Virtual Reality Escapism Gets Real According to Philosophers
How do you escape reality when it gets a little too much to bear? We have all needed to escape the way things are at times. Sometimes it’s an internal escape with drugs or alcohol. Sometimes it’s an external escape to a distant land or location. But with some of the newer high tech, you can escape internally and externally almost simultaneously.
A little over a week ago a writer named Jacob Fox posted a piece in pcgamer.com about how VR and other techs, might be a little dangerous the more realistic they become. How do you separate reality from tech reality? Remember some people couldn’t separate reality from soap opera characters in the TV world. Some people came to see them as real live people not actors with scripts.
With the advancement of VR and real-time video games, it is not hard to become confused. Not to the point where you think you are in the game Tron, but for some people it will become a mental issue. And in the article, Fox asked a philosopher what questions he thinks the future holds with VR and other tech.
James Tartaglia is a professor of metaphysical philosophy at Keele University and is an expert on the philosophy of technology. His latest book, Philosophy in a Technological World: Gods and Titans, wrestles with some of the more philosophical questions about VR, among other things.
The philosopher Robert Nozick, in his 1974 book Anarchy, State, and Utopia, asked us to imagine that scientists have constructed an ‘experience machine’. This machine would plug into your brain and “give you any experience you desired”. The experiences it would feed us would feel exactly the same as if they were happening for real, but they wouldn’t be. Just like in The Matrix.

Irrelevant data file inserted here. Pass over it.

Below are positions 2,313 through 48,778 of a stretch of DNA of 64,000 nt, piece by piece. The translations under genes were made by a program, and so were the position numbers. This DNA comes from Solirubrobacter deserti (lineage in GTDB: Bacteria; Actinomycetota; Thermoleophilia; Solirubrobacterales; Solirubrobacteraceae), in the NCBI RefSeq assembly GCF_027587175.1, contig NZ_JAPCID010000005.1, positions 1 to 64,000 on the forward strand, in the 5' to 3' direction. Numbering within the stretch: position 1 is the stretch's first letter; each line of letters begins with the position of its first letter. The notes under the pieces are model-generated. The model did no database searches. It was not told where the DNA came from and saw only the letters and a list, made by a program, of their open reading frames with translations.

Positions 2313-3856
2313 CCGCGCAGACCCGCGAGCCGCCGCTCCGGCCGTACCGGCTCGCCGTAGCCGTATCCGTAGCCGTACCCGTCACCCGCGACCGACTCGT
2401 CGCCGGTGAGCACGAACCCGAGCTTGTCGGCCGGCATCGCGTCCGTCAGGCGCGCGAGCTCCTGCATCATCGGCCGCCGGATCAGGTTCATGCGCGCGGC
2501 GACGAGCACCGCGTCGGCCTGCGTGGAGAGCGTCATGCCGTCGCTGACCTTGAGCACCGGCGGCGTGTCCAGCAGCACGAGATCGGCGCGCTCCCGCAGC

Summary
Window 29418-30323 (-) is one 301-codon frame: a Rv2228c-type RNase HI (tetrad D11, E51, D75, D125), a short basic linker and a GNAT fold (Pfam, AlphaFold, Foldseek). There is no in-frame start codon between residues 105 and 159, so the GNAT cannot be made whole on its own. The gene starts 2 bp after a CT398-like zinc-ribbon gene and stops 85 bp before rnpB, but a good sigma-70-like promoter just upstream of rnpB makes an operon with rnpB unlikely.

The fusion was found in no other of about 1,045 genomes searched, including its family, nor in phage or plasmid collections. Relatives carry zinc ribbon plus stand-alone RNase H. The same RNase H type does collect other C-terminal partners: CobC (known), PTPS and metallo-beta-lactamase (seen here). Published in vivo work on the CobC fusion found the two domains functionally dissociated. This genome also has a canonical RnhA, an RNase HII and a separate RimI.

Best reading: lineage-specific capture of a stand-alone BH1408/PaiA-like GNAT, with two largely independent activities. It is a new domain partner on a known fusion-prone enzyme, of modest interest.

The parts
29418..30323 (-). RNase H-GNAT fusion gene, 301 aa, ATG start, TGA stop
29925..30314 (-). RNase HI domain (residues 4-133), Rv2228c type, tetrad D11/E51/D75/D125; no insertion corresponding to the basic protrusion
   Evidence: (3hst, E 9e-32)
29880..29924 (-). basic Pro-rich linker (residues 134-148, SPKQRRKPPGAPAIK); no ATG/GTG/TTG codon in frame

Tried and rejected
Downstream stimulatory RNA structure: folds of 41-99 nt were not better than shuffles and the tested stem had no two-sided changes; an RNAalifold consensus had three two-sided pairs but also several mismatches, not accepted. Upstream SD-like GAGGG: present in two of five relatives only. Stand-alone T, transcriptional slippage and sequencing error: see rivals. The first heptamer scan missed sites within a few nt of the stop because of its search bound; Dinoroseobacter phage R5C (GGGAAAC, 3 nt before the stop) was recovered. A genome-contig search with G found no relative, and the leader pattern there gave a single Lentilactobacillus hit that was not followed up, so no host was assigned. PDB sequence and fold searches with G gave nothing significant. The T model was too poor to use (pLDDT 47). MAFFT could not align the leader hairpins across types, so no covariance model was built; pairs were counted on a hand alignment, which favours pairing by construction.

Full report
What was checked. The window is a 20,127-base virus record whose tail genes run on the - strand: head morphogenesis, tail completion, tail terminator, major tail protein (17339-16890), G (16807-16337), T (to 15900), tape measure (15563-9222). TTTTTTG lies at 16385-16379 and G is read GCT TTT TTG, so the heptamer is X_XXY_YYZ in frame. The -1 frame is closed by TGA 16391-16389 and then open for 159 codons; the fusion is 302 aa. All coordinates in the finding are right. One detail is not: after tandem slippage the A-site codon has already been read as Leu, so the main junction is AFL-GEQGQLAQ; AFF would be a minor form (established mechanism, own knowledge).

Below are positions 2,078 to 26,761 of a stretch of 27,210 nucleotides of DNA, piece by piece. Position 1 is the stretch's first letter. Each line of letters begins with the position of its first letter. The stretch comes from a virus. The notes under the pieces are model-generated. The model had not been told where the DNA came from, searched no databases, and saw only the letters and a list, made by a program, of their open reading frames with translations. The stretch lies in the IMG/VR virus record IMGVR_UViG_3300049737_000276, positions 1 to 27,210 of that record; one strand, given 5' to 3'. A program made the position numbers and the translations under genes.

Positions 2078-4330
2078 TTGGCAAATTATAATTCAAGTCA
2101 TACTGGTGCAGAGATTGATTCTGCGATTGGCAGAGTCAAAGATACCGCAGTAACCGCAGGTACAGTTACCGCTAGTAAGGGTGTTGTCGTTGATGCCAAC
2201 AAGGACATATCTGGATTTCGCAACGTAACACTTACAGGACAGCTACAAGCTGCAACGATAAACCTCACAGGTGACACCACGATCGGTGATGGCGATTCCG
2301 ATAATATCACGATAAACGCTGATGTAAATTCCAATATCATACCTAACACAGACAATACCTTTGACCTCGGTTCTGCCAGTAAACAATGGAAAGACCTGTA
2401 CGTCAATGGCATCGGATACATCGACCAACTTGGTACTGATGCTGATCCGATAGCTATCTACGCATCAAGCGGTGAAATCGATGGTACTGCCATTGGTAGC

Could our VR tech ever become as good as Nozick’s imagined experience machine?
“Given the approach to technological development that dominates our world,” he says, VR tech like this “will be produced as soon as possible. We’re already on the trajectory, the goal is already within sight, so since there’s lots of money to be made from perfecting VR, the race is on. Afterwards, we’ll start trying to deal with the social problems it creates. I’ve no idea how long it will take, that’s a question for technologists, but I’m sceptical about the notion, popular among some philosophers, that we’ll run up against a principled barrier, I think that’s wishful thinking.”
Tartaglia went on to say he didn’t think the current state of gaming, with headsets and controllers, isn’t going to be the tipping point with this issue. However, the computer/brain interface may be a game-changer that holds some uncomfortable possibilities.
Tartaglia ends his latest book by describing—with more than a hint of tongue-in-cheek—a future ‘utopia’, where people live almost entirely in virtual realities that appear indistinguishable from real reality. Fox asked him about the problems such a future ‘utopia’ might pose.
“The problems would be endless,” he says, “you’re effectively redesigning the nature of human life. One of the main points I was trying to make by imagining a VR utopia, and hence trying to get around some of the more obvious problems, was to indicate the enormity of those problems. One problem is isolation—VR cuts us off from other people to enclose us in our own little world, where interactions with others are something of a speculative reality: ‘is it really another person doing that? ’; ‘does it matter whether it is or not?’ … Another big problem is privacy, because virtual worlds, unlike the real one, can be completely monitored—and there’s money and power to be gained from that.”
Yes, the line between realities is being blurred more every day. Misinformation and disinformation are poisoning many levels of society. Do we need to think about what really advanced parts of technology might do to our communities? Yes.
We already have begun claiming games are making kids more violent. Imagine what might happen with even more realistic games without some professional guidance for the players?
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